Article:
For single people who are buying a vehicle, price, looks, interior space, the car's ability to handle certain types of terrain, and how much it will cost them for repairs at an auto body shop are often the deciding factors. However, as soon as these people have children, a revolution occurs in their mind and suddenly their foremost concern is: how safe is this car? If you're thinking about getting a new car, vehicle safety ratings can help you decide which is safest for your family. Here's some more information about vehicle safety ratings.
Car crashes are the leading cause of trauma related deaths in many countries, so car companies, insurance companies, universities, and government agencies work together on studies and programs designed to reduce motor vehicle accidents. Vehicle safety rating programs are one such initiative. The theory behind it is that people are more likely to choose safer cars from the car dealer supply if they know which are safer, and this in turn will motivate automobile designers to include more safety features on future models.
There are three organizations in the United States which give car safety ratings: the National Highway Traffic Safety Administration or NHTSA.gov, the Insurance Institute for Highway Safety or IIHS.org, and a non-profit group called Informed for Life. In Canada, Transport Canada has a National Safety Code (NSC) which does vehicle safety ratings. If you want to look up the safety ratings of the models you're considering before you leave your home for the dealership, you can visit their websites. The dealer should also be able to provide you with all the relevant ratings.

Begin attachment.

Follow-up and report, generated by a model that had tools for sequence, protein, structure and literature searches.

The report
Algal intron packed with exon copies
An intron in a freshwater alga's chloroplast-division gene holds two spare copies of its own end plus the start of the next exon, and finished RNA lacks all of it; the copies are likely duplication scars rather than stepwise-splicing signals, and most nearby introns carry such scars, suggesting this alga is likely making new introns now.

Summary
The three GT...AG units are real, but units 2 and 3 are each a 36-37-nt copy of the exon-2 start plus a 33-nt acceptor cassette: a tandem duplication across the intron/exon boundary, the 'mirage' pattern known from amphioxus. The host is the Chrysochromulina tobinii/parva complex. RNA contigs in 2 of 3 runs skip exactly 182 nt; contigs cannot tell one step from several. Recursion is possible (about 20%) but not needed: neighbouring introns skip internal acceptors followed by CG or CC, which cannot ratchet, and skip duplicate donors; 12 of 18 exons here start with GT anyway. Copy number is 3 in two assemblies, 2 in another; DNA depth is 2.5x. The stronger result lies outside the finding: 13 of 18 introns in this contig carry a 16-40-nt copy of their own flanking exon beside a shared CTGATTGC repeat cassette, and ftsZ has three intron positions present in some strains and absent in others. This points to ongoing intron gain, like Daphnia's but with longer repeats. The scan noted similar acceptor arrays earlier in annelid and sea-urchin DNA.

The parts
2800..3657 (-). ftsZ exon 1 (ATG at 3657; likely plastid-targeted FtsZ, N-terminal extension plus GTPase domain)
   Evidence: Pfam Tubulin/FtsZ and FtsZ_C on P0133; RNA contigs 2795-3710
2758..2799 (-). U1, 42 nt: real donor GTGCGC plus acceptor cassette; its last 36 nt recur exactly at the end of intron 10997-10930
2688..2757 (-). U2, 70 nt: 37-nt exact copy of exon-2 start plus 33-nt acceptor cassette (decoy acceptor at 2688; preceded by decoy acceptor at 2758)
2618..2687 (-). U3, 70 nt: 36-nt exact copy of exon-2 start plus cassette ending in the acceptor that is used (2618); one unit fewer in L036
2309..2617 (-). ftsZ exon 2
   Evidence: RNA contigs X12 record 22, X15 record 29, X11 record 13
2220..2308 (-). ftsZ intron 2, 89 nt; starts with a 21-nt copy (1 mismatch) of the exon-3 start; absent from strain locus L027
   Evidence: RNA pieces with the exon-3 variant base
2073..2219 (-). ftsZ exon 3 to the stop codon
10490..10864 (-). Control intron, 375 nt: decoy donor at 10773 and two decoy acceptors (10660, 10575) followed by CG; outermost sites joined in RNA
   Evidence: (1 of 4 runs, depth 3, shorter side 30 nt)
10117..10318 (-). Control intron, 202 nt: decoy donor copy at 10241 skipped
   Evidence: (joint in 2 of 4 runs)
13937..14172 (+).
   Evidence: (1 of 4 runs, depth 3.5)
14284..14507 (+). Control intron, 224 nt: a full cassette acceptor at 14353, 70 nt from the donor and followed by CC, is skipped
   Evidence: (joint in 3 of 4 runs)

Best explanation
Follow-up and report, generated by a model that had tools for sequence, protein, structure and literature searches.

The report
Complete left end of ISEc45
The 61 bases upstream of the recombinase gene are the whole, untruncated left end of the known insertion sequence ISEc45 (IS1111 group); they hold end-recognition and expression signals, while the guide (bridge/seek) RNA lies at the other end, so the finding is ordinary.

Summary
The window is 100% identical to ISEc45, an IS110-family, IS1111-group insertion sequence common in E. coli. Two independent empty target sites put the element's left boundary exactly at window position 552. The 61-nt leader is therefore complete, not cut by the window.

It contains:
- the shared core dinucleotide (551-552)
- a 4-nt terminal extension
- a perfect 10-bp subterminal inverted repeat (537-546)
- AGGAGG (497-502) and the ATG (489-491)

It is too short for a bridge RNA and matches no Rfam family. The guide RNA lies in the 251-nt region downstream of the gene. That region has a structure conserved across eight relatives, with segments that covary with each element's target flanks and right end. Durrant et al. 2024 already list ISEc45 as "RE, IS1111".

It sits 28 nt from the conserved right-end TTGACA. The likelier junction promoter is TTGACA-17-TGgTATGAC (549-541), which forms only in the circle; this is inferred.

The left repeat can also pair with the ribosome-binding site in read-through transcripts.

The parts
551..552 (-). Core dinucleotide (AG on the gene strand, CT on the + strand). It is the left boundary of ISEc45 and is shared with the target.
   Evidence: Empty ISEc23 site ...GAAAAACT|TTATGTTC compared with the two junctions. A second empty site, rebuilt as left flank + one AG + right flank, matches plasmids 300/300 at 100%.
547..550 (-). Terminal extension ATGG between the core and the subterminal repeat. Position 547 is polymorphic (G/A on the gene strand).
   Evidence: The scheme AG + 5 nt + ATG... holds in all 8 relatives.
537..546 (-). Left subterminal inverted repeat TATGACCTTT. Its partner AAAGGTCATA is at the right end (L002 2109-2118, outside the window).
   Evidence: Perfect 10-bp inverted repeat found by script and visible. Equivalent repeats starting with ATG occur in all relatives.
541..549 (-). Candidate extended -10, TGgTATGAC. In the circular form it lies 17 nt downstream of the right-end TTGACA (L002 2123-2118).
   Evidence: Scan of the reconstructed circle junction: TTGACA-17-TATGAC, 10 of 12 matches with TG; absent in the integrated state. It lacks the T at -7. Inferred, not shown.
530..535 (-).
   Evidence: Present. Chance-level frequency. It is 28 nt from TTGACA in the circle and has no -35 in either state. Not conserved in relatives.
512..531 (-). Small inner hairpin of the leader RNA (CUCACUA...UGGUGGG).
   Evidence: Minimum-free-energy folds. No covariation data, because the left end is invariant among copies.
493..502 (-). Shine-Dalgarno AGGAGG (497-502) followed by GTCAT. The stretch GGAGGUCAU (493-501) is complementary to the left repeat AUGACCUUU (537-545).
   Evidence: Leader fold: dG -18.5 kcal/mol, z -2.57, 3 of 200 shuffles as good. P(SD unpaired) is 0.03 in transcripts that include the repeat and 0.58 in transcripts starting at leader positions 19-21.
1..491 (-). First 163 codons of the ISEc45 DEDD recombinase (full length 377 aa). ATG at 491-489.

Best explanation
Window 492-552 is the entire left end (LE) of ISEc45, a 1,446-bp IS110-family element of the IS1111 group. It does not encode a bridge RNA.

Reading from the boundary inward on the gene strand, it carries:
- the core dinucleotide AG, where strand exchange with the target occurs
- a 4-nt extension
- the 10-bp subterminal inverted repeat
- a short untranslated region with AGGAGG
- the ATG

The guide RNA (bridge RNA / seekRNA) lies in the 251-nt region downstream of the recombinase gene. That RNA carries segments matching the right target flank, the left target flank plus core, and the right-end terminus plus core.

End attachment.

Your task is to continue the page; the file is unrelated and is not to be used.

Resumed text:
So how do these organizations rate cars? They run cars through a variety of tests to determine their success rates in active and passive safety. Active safety features are those which work to prevent a crash, such as adaptive headlights, traction control, tire pressure monitors, the anti-lock breaks you had installed or the reversing cameras that newer SUVs sport. Passive safety measures are those which work to protect people during a crash, such as crumple zones, air bags, seat belts, cargo barriers, and safety glass.
Crash testing is performed on each vehicle to determine its crash-worthiness, with experts being on hand to document each crash and scientists examining the articulated dummies for injures after the crash. Tests are done to simulate front, side, and rear crashes and their affects are measured on pregnant women, children and infants, and adult humans. Also factored into the rating is the car's reliability and the rate of instances of accidents. For more detailed results on each crash test, you can visit the website of the relevant testing organization.